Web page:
This was Angie’s first picture, worked from a photograph and quite successful. Another one destined to be stitched into!

Jackie brought in a black and white photo of a landscape reflected in water to work from. It’s come out very well and the silk added to give greater lightness to the piece is just beginning to shine as it dries.

Catch up one March 26th, 2017

I’m back playing catch up on my posts again! I seem to have a few weeks where they’re flying off the keyboard and then time runs away with me in other areas of my life and the posts roll to a halt.

I was hoping to show pictures from the wet felted vessel workshop but they seem to have disappeared from the camera. I suspect Hubby may know something about this. If they turn up I will share them here but in the meantime you’ll have to make do with a few pics from the bag workshop earlier this week.

All the bags are worked in Shetland wool and all but one of the workshop participants were compete felting newbies. The end of the day turned into a terrible rush as just as we were taking photos the next group turned up to use the hall half an hour early. There’d been a mix up in the admin and our bookings were overlapping so we had to shoot round and tidy up very quickly which meant photos were rushed and not all bags were on the photo above.

The light areas in the photo above is the silk which was just beginning to shine as it dried and this bag was made by Mary.

Steph is responsible for the bag shown above, it was her first day felt making and was paid for by her son as a Mother’s Day present – wasn’t that a nice thought.

I loved the way Karen decided to frill the edge of her bag flap, it really suited the decoration on the bag too. I must thank all the ladies for their speedy work in helping me to clear up and pack away tables etc. I don’t think I’ve ever been out of there in such quick time but the youngsters were waiting for their dancing lesson.

One crocheted cushion and slightly sore fingers March 14th, 2017

Visiting a local charity shop I spotted a cone of wool for only 50p, no matter that it was strong rough rug wool, I had to buy it. It languished in my stash for some months then finally made it onto my crochet hook. After a brief flurry of activity it languished on my crochet hook too. It has finally made it from w.i.p. to finished project – phew, it took way longer than it should have but I’m pretty pleased with the result even if the wool felt somewhat rough against my skin at times.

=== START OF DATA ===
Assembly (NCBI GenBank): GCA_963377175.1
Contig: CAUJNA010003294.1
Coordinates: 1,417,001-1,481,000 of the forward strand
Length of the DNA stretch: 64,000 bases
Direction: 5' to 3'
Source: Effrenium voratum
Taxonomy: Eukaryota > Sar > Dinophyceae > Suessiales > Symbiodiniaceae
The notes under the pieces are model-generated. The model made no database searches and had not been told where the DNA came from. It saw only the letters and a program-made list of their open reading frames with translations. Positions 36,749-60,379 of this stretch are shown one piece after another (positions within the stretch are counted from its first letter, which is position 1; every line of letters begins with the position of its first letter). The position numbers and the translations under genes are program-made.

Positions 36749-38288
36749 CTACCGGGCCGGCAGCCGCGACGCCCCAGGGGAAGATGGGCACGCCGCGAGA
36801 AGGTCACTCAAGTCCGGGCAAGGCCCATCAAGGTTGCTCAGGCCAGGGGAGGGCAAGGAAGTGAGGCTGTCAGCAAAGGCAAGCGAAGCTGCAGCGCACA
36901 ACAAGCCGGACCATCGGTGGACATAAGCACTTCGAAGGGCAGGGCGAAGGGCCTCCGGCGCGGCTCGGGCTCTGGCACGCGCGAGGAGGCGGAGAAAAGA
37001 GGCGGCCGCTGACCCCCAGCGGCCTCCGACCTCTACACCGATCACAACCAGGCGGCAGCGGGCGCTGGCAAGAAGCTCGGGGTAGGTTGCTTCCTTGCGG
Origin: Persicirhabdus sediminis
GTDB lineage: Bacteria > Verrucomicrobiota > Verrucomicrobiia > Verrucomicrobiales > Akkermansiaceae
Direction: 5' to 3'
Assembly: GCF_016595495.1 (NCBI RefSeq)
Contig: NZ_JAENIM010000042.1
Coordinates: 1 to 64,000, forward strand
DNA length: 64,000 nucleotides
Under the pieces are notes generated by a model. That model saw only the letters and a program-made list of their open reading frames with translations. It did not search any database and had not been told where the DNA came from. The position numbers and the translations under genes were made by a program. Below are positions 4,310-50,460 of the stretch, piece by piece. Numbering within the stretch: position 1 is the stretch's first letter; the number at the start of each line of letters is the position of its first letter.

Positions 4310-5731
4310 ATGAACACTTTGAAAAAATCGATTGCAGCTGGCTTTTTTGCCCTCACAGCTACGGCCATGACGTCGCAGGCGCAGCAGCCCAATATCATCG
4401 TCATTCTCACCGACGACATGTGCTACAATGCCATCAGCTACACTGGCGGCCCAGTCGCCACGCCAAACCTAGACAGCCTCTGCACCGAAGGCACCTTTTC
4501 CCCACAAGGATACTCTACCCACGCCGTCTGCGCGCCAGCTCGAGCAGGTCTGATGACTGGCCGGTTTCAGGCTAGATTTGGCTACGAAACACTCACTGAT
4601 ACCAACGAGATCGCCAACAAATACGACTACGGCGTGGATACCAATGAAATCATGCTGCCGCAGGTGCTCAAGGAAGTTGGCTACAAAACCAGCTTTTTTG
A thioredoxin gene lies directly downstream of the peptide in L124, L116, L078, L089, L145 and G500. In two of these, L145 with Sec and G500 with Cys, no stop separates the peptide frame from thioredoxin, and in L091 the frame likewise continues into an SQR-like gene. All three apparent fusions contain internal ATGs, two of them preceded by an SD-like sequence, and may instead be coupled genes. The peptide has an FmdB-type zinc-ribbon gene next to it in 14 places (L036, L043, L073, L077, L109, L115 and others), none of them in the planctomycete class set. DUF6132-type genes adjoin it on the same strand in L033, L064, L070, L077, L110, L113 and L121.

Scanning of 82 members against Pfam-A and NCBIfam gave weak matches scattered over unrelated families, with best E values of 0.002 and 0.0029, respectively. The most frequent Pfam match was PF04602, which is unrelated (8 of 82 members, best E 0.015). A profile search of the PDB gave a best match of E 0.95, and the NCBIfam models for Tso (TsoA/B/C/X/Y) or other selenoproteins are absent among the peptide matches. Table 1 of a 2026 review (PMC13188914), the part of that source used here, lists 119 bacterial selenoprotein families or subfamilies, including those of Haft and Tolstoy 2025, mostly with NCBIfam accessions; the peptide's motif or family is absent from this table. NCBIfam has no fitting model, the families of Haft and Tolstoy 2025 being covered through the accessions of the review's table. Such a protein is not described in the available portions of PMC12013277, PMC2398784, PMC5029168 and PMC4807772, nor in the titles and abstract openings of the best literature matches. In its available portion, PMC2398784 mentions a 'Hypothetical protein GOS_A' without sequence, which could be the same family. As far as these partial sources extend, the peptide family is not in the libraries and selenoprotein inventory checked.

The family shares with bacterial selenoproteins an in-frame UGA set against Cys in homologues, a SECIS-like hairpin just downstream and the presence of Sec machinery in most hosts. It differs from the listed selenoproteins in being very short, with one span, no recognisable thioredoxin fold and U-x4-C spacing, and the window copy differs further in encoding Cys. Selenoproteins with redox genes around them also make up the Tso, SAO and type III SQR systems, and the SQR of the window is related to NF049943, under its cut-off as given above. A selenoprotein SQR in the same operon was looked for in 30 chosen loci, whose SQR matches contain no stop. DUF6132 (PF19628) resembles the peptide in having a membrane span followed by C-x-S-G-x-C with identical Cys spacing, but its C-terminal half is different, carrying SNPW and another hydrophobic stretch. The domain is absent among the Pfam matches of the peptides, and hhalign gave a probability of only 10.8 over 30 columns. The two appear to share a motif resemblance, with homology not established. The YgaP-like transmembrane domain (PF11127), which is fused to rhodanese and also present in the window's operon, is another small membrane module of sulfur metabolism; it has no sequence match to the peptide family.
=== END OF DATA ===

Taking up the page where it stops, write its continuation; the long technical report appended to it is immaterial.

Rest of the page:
The pattern was made up as I went along, I knew I wanted texture (when don’t I ?) and decided on a post stitch to create it. It was simple to follow and no counting so very easy to do.

It’s envelope style which doesn’t require buttons to keep it fastened but I love the contrast between hard shiny buttons and soft (well, softish) matt wool so I added buttonholes and buttons.

The buttons have been languishing in my stash for years and years so it was a perfect match with the languishing wool and a relief to finally find a use for them. I also went mad and added my first ever fringe to a cushion. Why haven’t I done this before? I’m partial to a fringe, I enjoyed doing it and I think it looks great and adds to the texture. There may be more fringes in my future 🙂 This cushion is now off to work to adorn one of the chairs we have available for customers to rest their weary bones, all those decisions on which luscious fibre to buy can really wear you out.

Masham pot March 8th, 2017

This is another of the samples I made for the British wool vessel workshop I ran last week. Masham is a lovely wool to work with and I, most unusually for me, decided to decorate the pot with pattern!  I don’t know what came over me and I actually found it quite fun.

 

It’s been s struggle to get anything like half way decent photos and these don’t do it full justice but I can wait no longer to show it to you. The pattern was varied around the pot and used lines and circles, very simple but also very effective.

 

 

 

I used two shades of Masham – fawn and mid brown. You need to see the underneath of the pot too

 

Quite possibly my favourite view of the pattern if not the potm Much as I enjoyed it I found myself wishing for more texture so perhaps my next one should be both patterned and textured 🙂